Almanac A members-only database of searchable profiles compiled and adapted from the Almanac of American Politics

Sen. John Barrasso (R)

Wyoming

Leadership: Republican Policy Committee Chairman

N/A

barrasso.senate.gov

Biography

Elected: Appointed June 2007, term expires 2018, 1st full term.

Born: July 21, 1952, Reading, PA

Home: Casper

Education: Georgetown U., B.A. 1974, M.D. 1978

Professional Career: Orthopedic surgeon 1983-2007; RNC Committeeman, 1992-96; Chief of staff, WY Medical Center, 2003-05.

Ethnicity: White/Caucasian

Religion: Presbyterian

Family: married (Bobbi) , 3 children

Republican John Barrasso, Wyoming’s junior senator, was appointed in June 2007 after Republican Sen. Craig Thomas died in office of leukemia. Barrasso was then elected in November 2008 to fill the remaining four years of Craig’s unexpired term and reelected four years later. Barrasso’s intellect and unwavering conservatism have helped him quickly climb the GOP leadership ladder; he is chairman of the Senate Republican Policy Committee and in 2015 took the helm of the Indian Affairs Committee.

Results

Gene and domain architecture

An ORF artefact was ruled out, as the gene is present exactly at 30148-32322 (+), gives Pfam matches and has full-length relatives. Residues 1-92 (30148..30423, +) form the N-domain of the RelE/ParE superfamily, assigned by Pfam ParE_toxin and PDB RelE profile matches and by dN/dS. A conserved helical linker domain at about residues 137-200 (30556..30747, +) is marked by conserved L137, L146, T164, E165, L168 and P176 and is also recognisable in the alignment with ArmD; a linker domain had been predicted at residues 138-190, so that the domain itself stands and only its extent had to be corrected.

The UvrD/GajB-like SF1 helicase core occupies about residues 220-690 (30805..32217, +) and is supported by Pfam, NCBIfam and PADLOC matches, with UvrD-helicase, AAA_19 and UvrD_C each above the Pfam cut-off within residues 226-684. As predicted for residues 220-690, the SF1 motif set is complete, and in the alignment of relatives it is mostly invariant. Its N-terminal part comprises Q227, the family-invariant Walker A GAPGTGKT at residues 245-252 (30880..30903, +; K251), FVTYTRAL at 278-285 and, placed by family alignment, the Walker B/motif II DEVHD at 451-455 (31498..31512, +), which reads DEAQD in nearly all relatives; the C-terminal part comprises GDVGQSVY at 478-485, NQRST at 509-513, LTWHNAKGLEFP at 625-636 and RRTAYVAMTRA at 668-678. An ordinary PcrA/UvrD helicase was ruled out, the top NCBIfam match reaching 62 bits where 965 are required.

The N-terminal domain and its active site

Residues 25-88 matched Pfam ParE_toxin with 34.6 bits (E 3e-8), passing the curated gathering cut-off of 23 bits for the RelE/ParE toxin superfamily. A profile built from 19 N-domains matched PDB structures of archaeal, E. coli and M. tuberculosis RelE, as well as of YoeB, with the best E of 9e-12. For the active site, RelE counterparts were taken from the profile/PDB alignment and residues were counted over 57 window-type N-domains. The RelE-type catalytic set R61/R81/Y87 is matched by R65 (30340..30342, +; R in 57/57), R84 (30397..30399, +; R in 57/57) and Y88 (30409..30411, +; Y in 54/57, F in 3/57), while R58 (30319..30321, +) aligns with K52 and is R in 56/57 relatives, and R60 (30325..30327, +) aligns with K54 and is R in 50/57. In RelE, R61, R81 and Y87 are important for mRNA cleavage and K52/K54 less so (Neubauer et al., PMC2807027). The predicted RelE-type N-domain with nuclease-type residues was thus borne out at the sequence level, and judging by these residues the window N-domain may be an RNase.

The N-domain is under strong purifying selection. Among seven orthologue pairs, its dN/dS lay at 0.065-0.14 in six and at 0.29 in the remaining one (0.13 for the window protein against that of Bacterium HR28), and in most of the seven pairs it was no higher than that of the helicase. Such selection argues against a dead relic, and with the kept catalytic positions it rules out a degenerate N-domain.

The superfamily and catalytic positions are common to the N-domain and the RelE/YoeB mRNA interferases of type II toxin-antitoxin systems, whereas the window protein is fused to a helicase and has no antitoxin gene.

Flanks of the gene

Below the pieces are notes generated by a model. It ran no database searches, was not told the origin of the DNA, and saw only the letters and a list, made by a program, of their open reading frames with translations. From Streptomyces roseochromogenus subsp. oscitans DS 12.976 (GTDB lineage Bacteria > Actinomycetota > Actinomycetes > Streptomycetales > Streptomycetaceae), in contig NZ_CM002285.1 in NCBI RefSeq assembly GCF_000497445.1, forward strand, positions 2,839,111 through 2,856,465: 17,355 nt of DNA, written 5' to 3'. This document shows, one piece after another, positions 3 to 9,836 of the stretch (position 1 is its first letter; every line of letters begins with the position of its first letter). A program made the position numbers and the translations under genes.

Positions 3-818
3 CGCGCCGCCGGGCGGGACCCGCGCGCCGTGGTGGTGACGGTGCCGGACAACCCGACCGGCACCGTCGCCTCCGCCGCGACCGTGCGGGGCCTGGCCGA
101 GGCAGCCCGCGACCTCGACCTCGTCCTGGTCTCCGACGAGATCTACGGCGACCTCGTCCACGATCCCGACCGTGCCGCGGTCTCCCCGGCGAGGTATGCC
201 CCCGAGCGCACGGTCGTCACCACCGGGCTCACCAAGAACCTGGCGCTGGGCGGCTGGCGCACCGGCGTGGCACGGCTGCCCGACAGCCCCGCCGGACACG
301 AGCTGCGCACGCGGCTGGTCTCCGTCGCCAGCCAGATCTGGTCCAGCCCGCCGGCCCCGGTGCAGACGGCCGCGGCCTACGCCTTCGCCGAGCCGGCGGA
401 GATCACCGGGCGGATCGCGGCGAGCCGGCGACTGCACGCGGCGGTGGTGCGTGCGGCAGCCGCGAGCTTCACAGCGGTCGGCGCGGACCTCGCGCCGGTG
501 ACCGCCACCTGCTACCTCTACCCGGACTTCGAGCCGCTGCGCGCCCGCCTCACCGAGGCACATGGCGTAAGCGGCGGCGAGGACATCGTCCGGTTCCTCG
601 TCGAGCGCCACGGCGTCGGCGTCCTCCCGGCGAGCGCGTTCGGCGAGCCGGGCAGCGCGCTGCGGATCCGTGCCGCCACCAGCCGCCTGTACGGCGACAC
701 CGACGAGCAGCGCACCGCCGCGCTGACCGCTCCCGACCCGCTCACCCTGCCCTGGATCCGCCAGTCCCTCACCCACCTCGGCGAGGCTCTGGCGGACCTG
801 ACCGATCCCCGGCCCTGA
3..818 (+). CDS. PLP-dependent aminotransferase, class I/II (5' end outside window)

Barrasso (bah-RAH-soh) grew up in Reading, Pa., the son of a World War II veteran who made a living as a cement finisher and who took his family to Washington every four years for the president’s inauguration. John Barrasso got his undergraduate and medical degrees from Georgetown University, moved to Wyoming in the 1980s, and set up practice as an orthopedic surgeon in Casper. Barrasso quickly made his name in local Republican politics, serving as a Republican national committeeman and as state party treasurer. He also was a local radio and television personality, dispensing practical medical advice on news programs and in public service announcements. He hosted the annual Jerry Lewis telethon for muscular dystrophy.